Contractor subcontracting another contractor?
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    Default Contractor subcontracting another contractor?

    I'm an IT developer contractor (have Ltd).My ex-colleague is IT consultant(has Ltd as well) .
    He has a contract with a company A that implements a system for the company B.
    Last week he has offered me an opportunity (for several days) to help them out on the project as they are going live soon with the implementation and need quickly to fix the outstanding issues.
    He suggests me invoicing him at my daily rate and he invoices the company A. (e.g he'll be using substitution rule - he himself will be on holidays that week)

    I want to have a contract so that my paperwork is in order and I don't raise invoices for the work that is not reflected in the contracts.

    So I have two questions:

    1) Is it better if I invoice/sign contract him(as per above) or to have a contract directly with company A? In terms of rate both will be the same, but I believe company A has got much more heavy and controlling standard contract wording than the contract we can have with my mate. Could there be the benefit of signing it directly with them?

    2) How to write a correct contract between our Ltds?
    I have my previous contracts with big companies, but not sure if it's a good idea to try to adapt them. A lot of stuff is not applicable. For example "reporting line" (e.g normally it's client's project manager I'm dealing with). Has anyone done the same and already have any good appropriate template? So that it's clear, simple and fit for purpose?


    Thank you
    Last edited by Goggy; 26th September 2015 at 09:53.

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    You're attempting to turn a practically microscopic molehill into Everest, keep it simple.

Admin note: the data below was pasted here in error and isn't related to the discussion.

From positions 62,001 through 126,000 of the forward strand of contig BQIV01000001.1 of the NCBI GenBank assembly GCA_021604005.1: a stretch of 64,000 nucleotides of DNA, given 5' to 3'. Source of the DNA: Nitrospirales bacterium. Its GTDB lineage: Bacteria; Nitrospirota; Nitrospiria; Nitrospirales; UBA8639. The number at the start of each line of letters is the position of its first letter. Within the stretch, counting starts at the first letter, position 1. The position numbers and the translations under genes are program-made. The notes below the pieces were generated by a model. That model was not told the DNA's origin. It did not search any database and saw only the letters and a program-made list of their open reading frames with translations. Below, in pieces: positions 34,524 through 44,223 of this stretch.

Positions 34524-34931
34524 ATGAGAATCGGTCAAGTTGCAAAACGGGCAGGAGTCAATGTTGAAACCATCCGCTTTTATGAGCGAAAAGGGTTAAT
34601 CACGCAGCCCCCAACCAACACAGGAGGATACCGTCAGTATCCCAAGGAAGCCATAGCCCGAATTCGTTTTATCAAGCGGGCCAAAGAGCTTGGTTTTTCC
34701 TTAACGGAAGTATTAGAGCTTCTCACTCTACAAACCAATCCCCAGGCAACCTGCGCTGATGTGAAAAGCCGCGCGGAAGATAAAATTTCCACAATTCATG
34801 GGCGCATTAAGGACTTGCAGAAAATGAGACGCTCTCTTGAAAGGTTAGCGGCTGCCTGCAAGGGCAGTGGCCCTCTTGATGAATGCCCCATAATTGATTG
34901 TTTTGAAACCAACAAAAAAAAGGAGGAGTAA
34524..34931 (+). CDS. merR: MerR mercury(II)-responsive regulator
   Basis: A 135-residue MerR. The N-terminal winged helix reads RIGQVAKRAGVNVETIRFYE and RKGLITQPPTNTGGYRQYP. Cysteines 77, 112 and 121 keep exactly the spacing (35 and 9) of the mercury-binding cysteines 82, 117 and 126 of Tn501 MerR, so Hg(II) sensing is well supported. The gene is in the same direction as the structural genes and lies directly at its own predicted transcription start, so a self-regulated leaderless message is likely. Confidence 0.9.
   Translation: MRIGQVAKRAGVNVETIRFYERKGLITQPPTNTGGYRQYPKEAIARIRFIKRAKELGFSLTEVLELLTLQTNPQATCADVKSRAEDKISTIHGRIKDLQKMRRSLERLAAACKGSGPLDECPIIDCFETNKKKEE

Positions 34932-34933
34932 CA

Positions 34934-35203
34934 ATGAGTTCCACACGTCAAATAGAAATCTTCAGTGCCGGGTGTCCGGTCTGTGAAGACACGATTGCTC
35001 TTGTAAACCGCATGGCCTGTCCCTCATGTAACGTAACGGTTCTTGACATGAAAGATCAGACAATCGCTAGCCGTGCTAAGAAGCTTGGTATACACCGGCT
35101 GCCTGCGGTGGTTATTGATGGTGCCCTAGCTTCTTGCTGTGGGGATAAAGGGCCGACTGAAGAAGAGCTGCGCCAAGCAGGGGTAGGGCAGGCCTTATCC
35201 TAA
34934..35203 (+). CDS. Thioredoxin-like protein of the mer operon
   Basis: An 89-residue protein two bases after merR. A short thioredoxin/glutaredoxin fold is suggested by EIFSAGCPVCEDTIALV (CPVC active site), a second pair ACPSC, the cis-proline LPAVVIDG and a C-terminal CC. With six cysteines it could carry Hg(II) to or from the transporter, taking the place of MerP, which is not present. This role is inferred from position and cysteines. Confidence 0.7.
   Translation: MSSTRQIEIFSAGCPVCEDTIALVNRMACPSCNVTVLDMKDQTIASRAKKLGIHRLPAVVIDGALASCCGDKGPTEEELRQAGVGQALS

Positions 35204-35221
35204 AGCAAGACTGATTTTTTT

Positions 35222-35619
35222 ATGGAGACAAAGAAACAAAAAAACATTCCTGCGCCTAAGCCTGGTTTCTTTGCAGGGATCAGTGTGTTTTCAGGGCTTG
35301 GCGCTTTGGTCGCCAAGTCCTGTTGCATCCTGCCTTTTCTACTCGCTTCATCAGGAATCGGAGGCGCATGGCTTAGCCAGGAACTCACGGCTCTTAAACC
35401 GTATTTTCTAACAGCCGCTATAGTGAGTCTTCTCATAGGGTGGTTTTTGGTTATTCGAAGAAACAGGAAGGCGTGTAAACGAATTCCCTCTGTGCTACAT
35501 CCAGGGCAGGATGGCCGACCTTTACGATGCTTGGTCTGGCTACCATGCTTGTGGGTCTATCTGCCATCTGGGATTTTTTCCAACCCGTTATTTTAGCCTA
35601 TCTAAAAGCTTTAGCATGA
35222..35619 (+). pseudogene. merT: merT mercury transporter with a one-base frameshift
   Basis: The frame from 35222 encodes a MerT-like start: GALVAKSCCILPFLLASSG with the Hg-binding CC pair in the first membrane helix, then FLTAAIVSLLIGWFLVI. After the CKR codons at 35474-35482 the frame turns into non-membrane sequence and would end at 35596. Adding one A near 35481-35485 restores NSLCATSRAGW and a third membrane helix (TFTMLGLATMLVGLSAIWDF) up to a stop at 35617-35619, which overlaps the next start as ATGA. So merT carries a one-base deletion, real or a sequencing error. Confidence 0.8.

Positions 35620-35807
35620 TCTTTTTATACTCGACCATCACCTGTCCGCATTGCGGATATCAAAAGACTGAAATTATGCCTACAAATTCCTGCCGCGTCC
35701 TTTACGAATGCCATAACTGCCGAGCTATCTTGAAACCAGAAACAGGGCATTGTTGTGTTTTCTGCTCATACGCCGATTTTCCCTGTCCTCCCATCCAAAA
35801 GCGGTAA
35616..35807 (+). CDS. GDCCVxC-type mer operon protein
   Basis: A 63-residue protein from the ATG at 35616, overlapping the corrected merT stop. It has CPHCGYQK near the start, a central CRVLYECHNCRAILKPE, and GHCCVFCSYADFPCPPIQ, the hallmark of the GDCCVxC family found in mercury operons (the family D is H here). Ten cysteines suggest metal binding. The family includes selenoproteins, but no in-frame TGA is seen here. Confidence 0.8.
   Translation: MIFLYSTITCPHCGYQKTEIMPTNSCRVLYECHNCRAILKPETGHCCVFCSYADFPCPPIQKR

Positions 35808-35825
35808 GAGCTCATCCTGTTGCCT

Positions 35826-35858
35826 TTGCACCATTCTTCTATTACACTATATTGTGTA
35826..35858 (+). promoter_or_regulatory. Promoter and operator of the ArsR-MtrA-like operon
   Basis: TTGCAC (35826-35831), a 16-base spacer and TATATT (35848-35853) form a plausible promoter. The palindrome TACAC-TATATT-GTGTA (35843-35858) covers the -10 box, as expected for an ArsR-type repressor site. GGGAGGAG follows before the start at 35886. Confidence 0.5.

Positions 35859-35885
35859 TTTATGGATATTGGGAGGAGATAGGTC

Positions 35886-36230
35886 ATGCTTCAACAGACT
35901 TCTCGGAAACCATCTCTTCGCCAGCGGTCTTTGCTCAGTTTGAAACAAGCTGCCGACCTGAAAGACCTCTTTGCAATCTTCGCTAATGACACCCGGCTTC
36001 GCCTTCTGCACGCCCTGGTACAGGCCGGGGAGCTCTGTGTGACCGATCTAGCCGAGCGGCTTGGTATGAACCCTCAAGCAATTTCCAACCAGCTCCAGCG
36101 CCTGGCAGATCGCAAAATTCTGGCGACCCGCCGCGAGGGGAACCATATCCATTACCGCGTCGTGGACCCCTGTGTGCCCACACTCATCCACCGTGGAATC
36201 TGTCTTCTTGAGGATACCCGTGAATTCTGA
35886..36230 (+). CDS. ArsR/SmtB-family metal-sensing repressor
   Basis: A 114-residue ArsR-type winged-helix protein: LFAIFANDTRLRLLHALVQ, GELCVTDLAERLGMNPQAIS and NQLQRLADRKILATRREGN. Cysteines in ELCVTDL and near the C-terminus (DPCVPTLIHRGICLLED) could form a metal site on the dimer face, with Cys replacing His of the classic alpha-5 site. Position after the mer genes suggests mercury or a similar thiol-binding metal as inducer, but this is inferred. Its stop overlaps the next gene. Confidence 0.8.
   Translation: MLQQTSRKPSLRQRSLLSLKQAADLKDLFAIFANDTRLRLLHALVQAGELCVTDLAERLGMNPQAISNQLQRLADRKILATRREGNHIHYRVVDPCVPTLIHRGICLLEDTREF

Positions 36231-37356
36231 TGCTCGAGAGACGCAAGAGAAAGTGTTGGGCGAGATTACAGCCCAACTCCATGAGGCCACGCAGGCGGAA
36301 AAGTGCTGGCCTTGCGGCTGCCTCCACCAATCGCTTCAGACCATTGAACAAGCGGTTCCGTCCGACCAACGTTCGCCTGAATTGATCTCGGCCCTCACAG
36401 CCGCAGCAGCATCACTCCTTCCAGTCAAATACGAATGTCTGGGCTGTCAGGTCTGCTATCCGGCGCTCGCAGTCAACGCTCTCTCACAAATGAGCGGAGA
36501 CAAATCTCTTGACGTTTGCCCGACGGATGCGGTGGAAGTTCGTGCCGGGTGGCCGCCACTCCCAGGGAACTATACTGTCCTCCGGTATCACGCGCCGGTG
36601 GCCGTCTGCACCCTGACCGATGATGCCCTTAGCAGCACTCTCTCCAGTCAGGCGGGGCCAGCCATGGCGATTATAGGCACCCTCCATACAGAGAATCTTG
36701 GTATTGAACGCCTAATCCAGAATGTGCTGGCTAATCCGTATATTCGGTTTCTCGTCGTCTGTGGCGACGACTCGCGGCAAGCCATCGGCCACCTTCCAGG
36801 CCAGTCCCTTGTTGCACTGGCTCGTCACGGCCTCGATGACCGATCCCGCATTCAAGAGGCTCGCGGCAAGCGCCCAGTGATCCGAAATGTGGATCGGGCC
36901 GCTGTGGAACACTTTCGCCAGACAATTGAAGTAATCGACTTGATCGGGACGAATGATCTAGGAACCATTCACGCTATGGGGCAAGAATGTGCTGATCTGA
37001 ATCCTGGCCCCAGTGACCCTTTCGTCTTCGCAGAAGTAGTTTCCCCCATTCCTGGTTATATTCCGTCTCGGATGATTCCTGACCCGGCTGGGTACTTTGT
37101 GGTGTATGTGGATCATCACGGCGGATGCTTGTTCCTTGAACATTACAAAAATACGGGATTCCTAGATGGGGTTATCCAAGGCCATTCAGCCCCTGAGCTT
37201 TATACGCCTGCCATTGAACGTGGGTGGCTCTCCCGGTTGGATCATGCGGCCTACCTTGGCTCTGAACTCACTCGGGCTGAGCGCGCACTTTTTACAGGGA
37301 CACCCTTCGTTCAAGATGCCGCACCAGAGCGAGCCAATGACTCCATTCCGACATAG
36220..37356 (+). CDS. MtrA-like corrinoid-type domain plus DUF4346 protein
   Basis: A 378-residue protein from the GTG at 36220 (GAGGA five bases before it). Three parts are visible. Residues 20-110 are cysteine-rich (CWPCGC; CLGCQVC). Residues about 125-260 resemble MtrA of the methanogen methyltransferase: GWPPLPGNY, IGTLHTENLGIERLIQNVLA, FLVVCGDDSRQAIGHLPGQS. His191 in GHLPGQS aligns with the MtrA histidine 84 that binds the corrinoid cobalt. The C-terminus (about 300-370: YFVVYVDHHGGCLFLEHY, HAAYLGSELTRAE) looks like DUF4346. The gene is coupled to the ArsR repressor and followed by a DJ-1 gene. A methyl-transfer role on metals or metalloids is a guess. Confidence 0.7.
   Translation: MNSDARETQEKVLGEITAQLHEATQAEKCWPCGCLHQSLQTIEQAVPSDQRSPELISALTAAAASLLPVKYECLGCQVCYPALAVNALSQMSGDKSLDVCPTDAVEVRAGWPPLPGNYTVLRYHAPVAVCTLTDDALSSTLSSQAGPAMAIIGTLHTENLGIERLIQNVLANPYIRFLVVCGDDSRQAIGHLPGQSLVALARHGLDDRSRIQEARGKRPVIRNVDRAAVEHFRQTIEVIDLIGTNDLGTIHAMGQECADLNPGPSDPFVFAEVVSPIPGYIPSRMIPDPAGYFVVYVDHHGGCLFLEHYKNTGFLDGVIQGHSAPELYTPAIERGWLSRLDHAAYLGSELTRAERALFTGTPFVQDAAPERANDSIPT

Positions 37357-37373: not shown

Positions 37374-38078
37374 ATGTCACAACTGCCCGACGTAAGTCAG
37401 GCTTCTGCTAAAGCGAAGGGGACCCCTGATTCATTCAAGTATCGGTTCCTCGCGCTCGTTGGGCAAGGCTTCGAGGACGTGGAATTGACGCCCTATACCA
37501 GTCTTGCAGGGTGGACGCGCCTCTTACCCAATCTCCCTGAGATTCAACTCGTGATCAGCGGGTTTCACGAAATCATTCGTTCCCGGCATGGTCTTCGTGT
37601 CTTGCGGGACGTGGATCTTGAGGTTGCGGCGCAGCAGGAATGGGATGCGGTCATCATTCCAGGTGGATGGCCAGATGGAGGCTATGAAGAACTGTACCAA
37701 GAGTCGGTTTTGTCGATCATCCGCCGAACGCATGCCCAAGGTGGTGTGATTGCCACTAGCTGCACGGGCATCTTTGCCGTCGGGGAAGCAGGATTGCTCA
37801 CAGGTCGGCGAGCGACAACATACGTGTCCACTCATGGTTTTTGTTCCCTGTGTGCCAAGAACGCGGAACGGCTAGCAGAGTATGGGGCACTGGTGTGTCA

Your mate has got a couple of days work available that needs someone with your skillset, he's willing and able to pay an acceptable day rate for this.

    You can write and both sign a one page statement that says exactly what you're both agreeing to and that's a contract, it doesn't need to be complicated.

    Trying to get directly involved with the clients procurement setup may well be directly against what the client wants. They may well have talked it over with your mate, he's mentioned that you may be available and to keep things simple the client has asked him to get you in for a few days and they will pay him to pay you.

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    MF subcontracts me to service the boiler. She's not a bad old stick really, and I get cake afterwards.
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    If you invoice your mate, you're doing him a favour, classic substitution example, nails IR35. If you invoice the client directly, then he hasn't brought you in, they have, from a legal perspective, all he's done is give you/them a referral. That's not substitution.

    As said, sign a one-page contract. You don't have to worry about making it IR35 friendly, it's only a few days, just put down what you've agreed and get him to sign it before he goes. If you can't get the contract because he already left on holiday, work anyway -- you've got a verbal agreement, and the client knows about it, so it's probably enforceable even if he tries to get funny. This might be the one exception to the "never work without a contract" rule. You are wise to try to get something in writing, but for a few days it probably won't matter if you don't. He's not likely to destroy a relationship with you and potentially with the client for the amount of money involved.